The late 1990s have also seen a marked increase in efforts at regional dialogue and cooperation, particularly in East Asia, with the birth of the "ASEAN plus 3" dialogue (and the earlier establishment of an East Asian presence in ASEM), with the gradual strengthening of the ARF as a confidence-building forum, and with increasing signs of a growing sense of East Asian identity (perhaps influenced in large part by a shared experience during the financial crisis). At the same time, ASEAN itself seems to have lost some of its momentum in recent years, partly reflecting Indonesia's preoccupation with internal concerns, partly reflecting the underlying difficulty of some of the issues with which ASEAN has been faced (for example in completing AFTA, in responding to the financial crisis, and in absorbing three new members). In South Asia, which in many respects remains distinct from the rest of the region, SAARC offers the opportunity of a broad regional cooperation with diversified aims, even if political tensions continue to hinder the establishment of a proposed "South Asia Free Trade Area", an essential step towards the insertion of that region into the international economic environment.

2.2. Europe

Compared with Asia, Europe has a similar total economic weight, though this is shared among a very much smaller, and richer, population. Europe, like Asia, draws benefit from a rich diversity of cultural and linguistic traditions, but our shared heritage (of conflict as well as of cooperation) has led us to undertake the most far-reaching exercise in regional integration in the world, with a single market uniting the European economic space, and since 1999 a single currency of global importance. This integration has also permitted us to benefit from more than 50 years of internal peace, and to prepare now to re-unite a broader Europe, previously divided by ideology. However, the 1990s also saw a series of murderous ethnic conflicts on the borders of the Union, which present the most serious threat to European peace and security since the end of the Cold War.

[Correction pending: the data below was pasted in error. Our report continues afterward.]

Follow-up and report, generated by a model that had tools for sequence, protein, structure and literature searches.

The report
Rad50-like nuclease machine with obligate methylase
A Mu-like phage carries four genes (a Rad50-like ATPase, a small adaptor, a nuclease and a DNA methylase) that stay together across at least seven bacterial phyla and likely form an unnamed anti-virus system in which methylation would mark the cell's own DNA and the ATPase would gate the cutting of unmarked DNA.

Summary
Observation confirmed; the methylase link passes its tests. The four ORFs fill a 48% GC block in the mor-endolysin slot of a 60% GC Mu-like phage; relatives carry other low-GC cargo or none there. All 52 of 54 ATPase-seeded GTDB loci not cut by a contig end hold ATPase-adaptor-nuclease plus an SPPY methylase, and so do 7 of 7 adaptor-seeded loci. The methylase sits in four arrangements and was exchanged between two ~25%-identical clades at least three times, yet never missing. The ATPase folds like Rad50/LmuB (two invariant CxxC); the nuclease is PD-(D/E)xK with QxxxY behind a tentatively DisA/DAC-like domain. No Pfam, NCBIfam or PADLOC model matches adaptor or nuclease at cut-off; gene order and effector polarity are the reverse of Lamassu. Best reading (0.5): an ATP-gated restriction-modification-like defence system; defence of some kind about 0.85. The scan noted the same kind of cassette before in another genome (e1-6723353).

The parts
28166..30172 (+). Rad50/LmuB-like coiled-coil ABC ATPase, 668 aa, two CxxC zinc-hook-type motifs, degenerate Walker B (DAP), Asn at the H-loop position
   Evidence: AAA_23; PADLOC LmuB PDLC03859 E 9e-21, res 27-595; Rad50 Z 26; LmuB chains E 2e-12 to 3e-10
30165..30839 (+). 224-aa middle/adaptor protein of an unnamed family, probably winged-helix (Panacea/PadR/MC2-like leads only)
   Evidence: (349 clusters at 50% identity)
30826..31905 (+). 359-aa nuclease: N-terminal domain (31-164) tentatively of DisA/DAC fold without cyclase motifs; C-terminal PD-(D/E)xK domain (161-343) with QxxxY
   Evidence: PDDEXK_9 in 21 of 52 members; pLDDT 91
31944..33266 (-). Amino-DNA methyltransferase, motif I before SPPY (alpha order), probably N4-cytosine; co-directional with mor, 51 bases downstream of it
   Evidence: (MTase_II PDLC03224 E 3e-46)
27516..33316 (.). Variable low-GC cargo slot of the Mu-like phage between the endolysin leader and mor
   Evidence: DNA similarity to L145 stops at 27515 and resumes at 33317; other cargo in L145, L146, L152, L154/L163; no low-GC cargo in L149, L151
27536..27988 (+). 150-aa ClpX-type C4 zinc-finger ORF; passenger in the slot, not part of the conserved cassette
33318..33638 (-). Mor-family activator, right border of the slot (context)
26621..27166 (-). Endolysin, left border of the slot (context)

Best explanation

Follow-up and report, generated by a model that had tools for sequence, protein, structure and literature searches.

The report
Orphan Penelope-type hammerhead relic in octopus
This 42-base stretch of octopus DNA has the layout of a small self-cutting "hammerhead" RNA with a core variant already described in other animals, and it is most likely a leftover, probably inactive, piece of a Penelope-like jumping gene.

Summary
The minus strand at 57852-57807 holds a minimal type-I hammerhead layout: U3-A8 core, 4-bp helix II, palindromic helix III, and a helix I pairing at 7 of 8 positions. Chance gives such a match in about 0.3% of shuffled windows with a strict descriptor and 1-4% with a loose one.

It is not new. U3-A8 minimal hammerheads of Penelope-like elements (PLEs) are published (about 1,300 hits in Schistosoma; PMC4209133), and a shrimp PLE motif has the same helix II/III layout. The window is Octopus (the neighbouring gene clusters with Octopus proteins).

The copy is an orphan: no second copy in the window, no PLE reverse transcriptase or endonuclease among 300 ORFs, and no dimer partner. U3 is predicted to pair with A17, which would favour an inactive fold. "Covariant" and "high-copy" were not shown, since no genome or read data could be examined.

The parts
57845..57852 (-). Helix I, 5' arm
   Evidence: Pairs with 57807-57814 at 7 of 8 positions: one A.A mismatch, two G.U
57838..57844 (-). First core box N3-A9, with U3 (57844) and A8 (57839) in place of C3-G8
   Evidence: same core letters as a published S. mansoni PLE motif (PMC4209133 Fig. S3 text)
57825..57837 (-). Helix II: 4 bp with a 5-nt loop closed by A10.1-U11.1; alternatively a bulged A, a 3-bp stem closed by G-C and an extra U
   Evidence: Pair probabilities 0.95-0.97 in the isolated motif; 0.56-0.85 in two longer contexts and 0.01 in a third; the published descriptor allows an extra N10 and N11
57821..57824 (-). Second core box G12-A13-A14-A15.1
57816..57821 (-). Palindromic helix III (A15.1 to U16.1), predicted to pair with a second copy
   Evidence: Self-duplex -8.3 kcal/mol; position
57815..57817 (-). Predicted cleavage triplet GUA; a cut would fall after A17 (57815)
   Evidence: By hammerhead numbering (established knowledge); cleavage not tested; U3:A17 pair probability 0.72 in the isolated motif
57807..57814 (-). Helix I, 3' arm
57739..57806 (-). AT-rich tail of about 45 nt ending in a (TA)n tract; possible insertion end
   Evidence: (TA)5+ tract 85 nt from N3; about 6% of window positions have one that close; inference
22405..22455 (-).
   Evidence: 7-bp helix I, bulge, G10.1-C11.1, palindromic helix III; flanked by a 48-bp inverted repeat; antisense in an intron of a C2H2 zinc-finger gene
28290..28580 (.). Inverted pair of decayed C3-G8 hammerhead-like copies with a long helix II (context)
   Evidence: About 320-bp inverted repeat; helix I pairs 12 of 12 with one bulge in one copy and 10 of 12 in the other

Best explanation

Europe itself has experienced considerable change in recent years. The birth of the European Union, with the Treaty of Maastricht in 1992, coincided with the effective completion of the Single Market launched in the 1980s. Since then, the launch of the euro in 1999 has created a full economic and monetary union covering most of our Member States, and launched a major new world currency. The EU's economic record has also improved significantly in recent years, with steady if moderate economic growth and low inflation, partly reflecting a new spirit of liberalisation and innovation across European industry, partly reflecting the economic and monetary discipline required for monetary integration (and also looking forward to taking full advantage of the opportunities offered by the emerging knowledge society). With sound macroeconomic fundamentals and on-going structural reforms, the EU and its Member States will provide an important pole of growth and stability in the global economy.